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Springfield anti-crime group suspends activities

The future of Springfield’s Town Watch, a citizen-led anti-crime organization, is in doubt.
Last month, organization founder Deborah Yerger informed the township that she was effectively disbanding the organization and requested that several of the aging “criminals beware” signs that appear at the borders of the township be taken down.
“I think we are all on board with the best communication for residents, which sadly enough is no longer the Town Watch,” Yerger said following her meetings with township officials. “There are much more effective ways to reach the residents and keep them well-informed and safe from scams out there and the burglaries.”
Yerger, the president of the program since its inception in 2012, acknowledged last week that Crimewatch, the reporting tool used by county police departments, is now the go-to tool for the public, and had rendered Town Watch redundant. “The same people that sign up for our Town Watch e-mails are capable of signing up for Crimewatch updates.”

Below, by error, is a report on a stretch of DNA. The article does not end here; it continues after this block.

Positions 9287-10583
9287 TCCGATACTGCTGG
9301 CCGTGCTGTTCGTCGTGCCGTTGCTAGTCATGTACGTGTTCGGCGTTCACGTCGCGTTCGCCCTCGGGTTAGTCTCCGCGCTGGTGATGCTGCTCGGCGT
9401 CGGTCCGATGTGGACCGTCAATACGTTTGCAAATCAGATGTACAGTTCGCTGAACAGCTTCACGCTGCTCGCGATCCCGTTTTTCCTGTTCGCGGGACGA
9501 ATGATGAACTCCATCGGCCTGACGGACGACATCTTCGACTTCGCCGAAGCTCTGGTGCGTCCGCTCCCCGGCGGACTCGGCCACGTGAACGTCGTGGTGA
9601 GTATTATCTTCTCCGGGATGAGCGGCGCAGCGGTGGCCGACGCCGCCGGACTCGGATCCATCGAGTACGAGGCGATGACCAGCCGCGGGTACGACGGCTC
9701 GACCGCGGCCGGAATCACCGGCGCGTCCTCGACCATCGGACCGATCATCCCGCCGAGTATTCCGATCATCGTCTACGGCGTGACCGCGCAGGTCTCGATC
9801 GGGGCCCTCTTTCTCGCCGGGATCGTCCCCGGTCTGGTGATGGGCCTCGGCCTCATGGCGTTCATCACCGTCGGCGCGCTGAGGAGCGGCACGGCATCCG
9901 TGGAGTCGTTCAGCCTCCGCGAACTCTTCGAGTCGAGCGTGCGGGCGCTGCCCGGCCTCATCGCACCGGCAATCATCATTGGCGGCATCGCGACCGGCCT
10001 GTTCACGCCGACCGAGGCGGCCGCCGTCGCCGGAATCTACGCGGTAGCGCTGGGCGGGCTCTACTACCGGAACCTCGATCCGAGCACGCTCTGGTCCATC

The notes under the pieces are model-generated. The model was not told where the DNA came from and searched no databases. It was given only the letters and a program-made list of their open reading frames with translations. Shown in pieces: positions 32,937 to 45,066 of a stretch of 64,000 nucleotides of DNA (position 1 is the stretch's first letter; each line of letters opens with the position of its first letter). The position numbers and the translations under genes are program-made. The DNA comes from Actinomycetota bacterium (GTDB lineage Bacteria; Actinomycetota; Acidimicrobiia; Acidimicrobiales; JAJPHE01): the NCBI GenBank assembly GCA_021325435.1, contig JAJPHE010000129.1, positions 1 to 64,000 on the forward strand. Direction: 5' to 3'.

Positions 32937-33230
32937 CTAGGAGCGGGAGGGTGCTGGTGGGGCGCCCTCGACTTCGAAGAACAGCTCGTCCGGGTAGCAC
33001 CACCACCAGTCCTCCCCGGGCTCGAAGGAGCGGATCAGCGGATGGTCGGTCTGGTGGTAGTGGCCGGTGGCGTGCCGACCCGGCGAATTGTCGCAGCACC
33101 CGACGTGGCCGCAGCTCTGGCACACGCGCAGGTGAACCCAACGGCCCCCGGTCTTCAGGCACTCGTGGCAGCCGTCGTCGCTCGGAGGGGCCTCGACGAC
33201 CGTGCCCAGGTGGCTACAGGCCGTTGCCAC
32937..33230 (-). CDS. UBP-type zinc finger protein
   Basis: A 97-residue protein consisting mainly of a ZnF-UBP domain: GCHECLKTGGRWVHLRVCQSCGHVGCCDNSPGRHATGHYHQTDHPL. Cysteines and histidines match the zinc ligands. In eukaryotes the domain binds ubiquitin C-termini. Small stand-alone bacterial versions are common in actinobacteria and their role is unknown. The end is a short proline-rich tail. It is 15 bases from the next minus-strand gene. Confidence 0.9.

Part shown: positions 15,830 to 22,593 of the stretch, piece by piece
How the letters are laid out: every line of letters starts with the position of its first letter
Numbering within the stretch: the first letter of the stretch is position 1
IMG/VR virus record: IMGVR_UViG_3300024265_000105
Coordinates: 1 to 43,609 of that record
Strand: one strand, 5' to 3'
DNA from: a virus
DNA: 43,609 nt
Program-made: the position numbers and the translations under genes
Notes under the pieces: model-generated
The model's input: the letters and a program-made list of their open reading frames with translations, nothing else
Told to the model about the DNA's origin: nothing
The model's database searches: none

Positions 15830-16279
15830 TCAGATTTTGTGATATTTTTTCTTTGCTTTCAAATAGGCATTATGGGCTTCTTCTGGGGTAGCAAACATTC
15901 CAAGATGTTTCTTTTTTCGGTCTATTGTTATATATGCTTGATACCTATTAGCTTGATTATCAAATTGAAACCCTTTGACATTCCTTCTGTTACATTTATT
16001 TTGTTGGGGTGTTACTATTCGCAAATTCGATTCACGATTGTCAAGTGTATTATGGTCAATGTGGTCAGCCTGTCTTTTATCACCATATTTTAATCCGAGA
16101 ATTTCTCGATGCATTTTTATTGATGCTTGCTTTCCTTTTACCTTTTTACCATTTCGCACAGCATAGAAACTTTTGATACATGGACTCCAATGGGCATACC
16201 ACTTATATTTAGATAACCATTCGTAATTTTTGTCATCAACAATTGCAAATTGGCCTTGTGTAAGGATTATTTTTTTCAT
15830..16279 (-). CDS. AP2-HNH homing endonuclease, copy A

She noted Crimewatch was far more accessible to the public, whereas Town Watch was limited in what it could share with non-members. At its peak, the organization, founded in response to a rash of burglaries, had about 60 members, who spent anywhere from 24-50 hours a week patrolling the township.
Over the years, residents have complained not all have access to computers and have recommended that police send reports and alerts to area news outlets, several of whom now relay the information posted on Crimewatch.
Addressing the issue at the July 28 supervisors meeting, Manager Jason Wager confirmed the program was inactive and said the township was “still gathering information” for supervisors, who have asked to be briefed by the police department. During their July 14 meeting, board members were reluctant to see it go. “We want to encourage citizen participation, and before we allow Town Watch to walk away, we must see if there is a way to resurrect it,” said Supervisor Jim Hopkins.
“They stand out. The message they send is important,” observed Hopkins of the signs.
Supervisor Pete Kade also acknowledged their value. “When I see them, I know I’m in the township.”

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